Thriving Cities

Jim Schlaman, Director of Water Resources, Black & Veatch | February 23, 2017

Despite the political divide raging in Washington D.C. and across this great nation, our common interests far outweigh our differences. Regardless of political persuasion, thriving cities and vibrant communities is a vision that connects us all. It’s shared by the many mayors, decision makers, community leaders, and citizens I’ve encountered as part of my professional endeavors: communities with strong and diverse economies, varied recreational amenities and healthy living opportunities that grow in harmony with their natural environments. The question is not what we want to achieve, but how we intend to achieve it.

Two pillars that support, sustain and nurture thriving cities are access to clean water and abundant energy. Many cities face an array of budget and regulatory constraints even as their water infrastructure is reaching the end of its useful life. Thus, they are turning to creative and synergistic approaches to their water resources. They are adopting an integrated systems approach, leveraging water infrastructure investments to drive revitalization within their communities. The US Water Alliance calls this approach “One Water.”

Several cities that have taken this inclusive approach to water resources management:

In Nebraska, Omaha saw an opportunity to leverage its mandated Combined Sewer Overflow (CSO) Program, to reinvest in the region’s water resources. As part of its wet weather program, Omaha is enhancing select stormwater detention facilities to provide more wet weather storage and drive down the frequency of and volume of untreated combined sewer overflows. Improving human health and supporting a healthy environment, the improved facilities also will feature recreational amenities including walking trails and urban fishing, complement youth activity programs, and catalyze neighborhood redevelopment. The enhanced detention facilities also minimize the amount of downstream grey infrastructure providing an overall savings to the ratepayers. These One Water solutions simultaneously reduce CSOs and flooding and support other community revitalization goals.  

Omaha is not alone. Los Angeles is investing in its urban water resources. San Diego’s Pure Water Program is focused on providing more resilient water supplies. New Orleans has invested heavily in the resilience of its water infrastructure. And Philadelphia has made a strong commitment to green infrastructure and green jobs. These are just a few examples of One Water solutions that leverage water resources to foster thriving communities.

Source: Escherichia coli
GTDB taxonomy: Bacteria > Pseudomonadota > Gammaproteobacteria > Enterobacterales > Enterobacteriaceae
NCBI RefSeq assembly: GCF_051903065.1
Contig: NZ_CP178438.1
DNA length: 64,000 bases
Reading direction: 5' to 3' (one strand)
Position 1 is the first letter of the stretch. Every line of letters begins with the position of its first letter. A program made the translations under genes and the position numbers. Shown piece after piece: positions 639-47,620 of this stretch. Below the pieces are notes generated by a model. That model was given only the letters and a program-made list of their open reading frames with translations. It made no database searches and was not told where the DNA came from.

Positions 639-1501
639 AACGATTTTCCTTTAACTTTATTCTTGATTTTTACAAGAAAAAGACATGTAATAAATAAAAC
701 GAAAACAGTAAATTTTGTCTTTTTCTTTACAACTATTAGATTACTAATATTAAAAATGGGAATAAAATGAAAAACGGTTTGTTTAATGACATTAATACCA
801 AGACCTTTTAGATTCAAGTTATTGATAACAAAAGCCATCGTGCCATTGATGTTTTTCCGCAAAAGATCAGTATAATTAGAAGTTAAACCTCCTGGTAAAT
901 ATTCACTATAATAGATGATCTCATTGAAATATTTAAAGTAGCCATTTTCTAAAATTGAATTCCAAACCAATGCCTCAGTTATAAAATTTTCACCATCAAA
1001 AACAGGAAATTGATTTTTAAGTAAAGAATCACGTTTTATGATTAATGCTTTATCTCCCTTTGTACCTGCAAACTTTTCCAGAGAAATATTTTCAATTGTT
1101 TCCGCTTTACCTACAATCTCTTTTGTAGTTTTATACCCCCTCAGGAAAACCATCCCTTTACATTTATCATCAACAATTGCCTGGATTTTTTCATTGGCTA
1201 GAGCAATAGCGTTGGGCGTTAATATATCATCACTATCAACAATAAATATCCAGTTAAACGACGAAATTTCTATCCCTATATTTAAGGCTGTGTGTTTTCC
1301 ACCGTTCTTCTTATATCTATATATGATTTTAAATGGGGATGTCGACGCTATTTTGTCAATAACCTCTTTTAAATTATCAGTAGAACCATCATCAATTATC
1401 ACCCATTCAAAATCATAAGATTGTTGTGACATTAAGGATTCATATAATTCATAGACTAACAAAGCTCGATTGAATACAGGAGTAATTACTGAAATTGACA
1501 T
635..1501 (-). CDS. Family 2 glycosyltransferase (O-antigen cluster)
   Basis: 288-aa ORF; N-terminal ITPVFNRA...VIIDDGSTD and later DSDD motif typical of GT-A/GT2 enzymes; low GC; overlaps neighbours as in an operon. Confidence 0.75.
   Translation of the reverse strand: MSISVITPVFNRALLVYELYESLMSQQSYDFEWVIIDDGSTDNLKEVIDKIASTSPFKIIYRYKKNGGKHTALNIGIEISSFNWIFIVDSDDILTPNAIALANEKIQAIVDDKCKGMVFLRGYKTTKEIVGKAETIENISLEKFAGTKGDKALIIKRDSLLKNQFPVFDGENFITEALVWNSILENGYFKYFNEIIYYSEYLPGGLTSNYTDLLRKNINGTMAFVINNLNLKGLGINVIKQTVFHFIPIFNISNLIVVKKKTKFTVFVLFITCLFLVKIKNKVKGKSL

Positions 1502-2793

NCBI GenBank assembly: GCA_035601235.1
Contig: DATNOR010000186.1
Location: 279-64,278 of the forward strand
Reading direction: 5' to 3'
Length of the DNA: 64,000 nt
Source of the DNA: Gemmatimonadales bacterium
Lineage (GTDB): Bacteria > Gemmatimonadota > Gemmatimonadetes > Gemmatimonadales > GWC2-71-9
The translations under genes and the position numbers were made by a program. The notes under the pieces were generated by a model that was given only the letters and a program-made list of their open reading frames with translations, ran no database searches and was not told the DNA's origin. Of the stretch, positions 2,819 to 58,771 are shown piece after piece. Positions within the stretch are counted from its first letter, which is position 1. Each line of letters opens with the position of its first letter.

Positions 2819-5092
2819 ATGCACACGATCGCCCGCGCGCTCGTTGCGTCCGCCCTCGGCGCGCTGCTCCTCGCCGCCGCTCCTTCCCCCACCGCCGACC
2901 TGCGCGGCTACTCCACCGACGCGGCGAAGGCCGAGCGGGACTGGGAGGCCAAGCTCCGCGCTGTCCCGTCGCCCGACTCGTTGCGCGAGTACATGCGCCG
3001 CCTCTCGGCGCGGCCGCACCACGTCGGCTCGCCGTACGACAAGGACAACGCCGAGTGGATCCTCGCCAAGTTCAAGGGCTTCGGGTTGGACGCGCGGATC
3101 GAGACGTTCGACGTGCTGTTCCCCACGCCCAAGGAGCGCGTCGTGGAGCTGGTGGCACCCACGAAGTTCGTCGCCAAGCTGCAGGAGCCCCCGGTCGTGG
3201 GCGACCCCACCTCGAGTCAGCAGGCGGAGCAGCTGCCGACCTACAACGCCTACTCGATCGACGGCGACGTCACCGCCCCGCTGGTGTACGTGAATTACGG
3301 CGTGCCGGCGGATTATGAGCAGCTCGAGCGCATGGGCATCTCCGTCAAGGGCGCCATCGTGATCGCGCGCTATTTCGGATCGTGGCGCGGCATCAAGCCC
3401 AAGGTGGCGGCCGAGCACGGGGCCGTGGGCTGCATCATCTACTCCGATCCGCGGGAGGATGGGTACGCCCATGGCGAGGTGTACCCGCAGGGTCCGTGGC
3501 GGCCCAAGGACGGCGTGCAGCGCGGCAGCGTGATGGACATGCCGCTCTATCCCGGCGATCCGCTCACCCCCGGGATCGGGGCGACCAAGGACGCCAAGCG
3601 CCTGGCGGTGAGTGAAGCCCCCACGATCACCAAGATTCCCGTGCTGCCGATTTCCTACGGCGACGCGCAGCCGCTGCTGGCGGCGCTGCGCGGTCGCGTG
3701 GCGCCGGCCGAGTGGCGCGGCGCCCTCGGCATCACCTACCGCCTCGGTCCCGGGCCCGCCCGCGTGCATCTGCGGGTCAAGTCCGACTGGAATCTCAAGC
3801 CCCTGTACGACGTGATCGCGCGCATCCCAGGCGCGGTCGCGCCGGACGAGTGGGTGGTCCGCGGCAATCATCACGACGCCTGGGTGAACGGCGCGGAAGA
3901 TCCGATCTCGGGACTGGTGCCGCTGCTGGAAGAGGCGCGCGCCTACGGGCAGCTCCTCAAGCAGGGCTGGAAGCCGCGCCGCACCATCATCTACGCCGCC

Similarly, Memphis is in the middle of implementing a city-wide sanitary sewer overflow control program.  As part of the program, community leaders have invested in the local job force by training local job seekers on sewer inspection, condition assessment and asset management techniques. This win-win for all shows how water infrastructure investment can support the local economy.

How projects are being structured and financed also is changing. One of the more exciting infrastructure delivery models is community-based public-private partnerships. Instead of focusing on the completion of a water infrastructure project as the goal, these partnerships emphasize the realization of multiple measurable outcomes: cleaner water, job creation, community redevelopment, improved human health, sustainable habitats. The outcomes become the goal and the metrics by which project success is defined.  While public-private partnerships are relatively new to the US water industry (though well-proven globally), they show the promise of delivering One Water solutions in support of thriving cities.

Water is the life blood that supports everything we cherish. Focusing on One Water solutions can bring us together to realize our collective goals: diverse, thriving and vibrant communities that create prosperity for us and future generations. Water interconnects us and if managed universally, can sustain the thriving cites we all want.